The report noted that unlike other comparable academic institutions, which outline potential penalties for sexual misconduct based on the seriousness of the alleged conduct and other factors, such as acknowledgment of perpetrator responsibility and wishes of the victim, the penalties section of the LSA recommends discipline based on the number of violations.
LSU student Elizabeth Andries, who was groped on a bus by a fraternity member, called Sanders’ sanctions against her attacker ‘worthless’ after the man was slapped with a delayed suspension and cleared to continue taking courses
For first violations of the majority of offenses, including sexual misconduct, harassment and harassment, the minimum penalty was probation or a deferred suspension, according to LSU’s 2020-21 results guide.
In at least one instance, Sanders chose a lighter punishment than what the university’s own sanctions rubric called for when he slapped a fraternity member found responsible for two sexual misconduct policy violations for having groped two female students on a bus with a deferred suspension, and allowed her to continue her studies.
The victims of the October 2016 assault, who publicly identified themselves as Caroline Schroeder and Elizabeth Andries, were outraged by Sanders’ sanctions, with Schroeder calling them “worthless”.
Andries expressed his frustration with Sanders in an interview with Husch Blackwell.
‘He . . . makes you go through the whole report again and tries to find . . . inaccuracies or something. I don’t know what it was used for,” she said in the report. ‘He was like, ‘so one time you said you were in the back of the bus and the other time you said you were in the middle of the back, so which one was that?’ And I was, like, I don’t think that matters.
Andries also said that during her conversation with Sanders, he asked her if she was on drugs at the time of the assault.
Acting President Tom Galligan issued a public apology to the victims and said he intends to strengthen how the university handles complaints of sexual misconduct
“And I was like, would it have mattered at this point? And he was just like, well, I find it hard to believe you were on a public bus with people,” she recounted. “And I was like, well, me too.”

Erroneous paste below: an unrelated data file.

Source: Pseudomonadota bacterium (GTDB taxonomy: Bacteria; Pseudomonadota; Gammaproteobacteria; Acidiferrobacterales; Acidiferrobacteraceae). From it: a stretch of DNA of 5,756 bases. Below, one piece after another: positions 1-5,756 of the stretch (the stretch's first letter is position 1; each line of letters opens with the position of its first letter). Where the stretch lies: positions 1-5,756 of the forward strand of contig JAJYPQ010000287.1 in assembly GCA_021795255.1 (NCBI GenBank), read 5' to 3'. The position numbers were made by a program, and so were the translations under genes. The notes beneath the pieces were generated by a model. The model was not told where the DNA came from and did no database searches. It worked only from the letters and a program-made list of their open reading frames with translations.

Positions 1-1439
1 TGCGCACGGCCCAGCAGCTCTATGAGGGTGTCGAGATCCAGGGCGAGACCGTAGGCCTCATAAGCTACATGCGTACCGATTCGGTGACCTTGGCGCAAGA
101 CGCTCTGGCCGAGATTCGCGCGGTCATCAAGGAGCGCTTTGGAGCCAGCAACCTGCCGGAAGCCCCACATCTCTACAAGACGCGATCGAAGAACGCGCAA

The woman also claimed that she shared with Sanders that a friend of hers had also been assaulted by the same fraternity member, but the administrator never contacted this woman – a claim Sanders denied to USA. Today.
Husch Blackwell said in the report that, based on LSU’s earnings guide, Sanders should have at least suspended the fraternity member because he was found responsible for two separate sexual misconduct violations.
The comprehensive report also highlighted Sanders’ response to the Drake Davis case, finding her “too passive.”
He criticized the LSU official for accusing Lewis, a victim of the Davis beating, of housing rule violations related to the presence of a candle and wine in his on-campus apartment.
Sanders told Husch Blackwell that holding Lewis accountable for breaching Residential Life policies was a way of trying to “engage” with her, “trying to remedy the behavior with Drake.” Husch Blackwell called this approach “misguided”.
The report said: ‘Disciplining a victim of dating violence for having a candle in her bedroom – which was discovered during an investigation into a report of dating violence – sends a disturbing message to victims of abuse and of misconduct that does not encourage reporting to the University.’
Attorney Scott Schneider, who led Husch Blackwell’s review, said that while LSU doesn’t have a monopoly on the mishandling of sexual misconduct cases, the university “has been very slow to develop policies, infrastructure and personnel that were really needed” to ensure compliance with federal laws. Title IX Laws. These laws largely address gender equity in education and also apply to cases of sexual violence or harassment in educational institutions.
Acting President Galligan issued a public apology to the victims and said he intends to act on the report’s 18 recommendations on how to strengthen how the university handles complaints of sexual misconduct at campus-wide. These recommendations called for everything from clarification of policies and protocols to increased staffing and departmental reorganizations.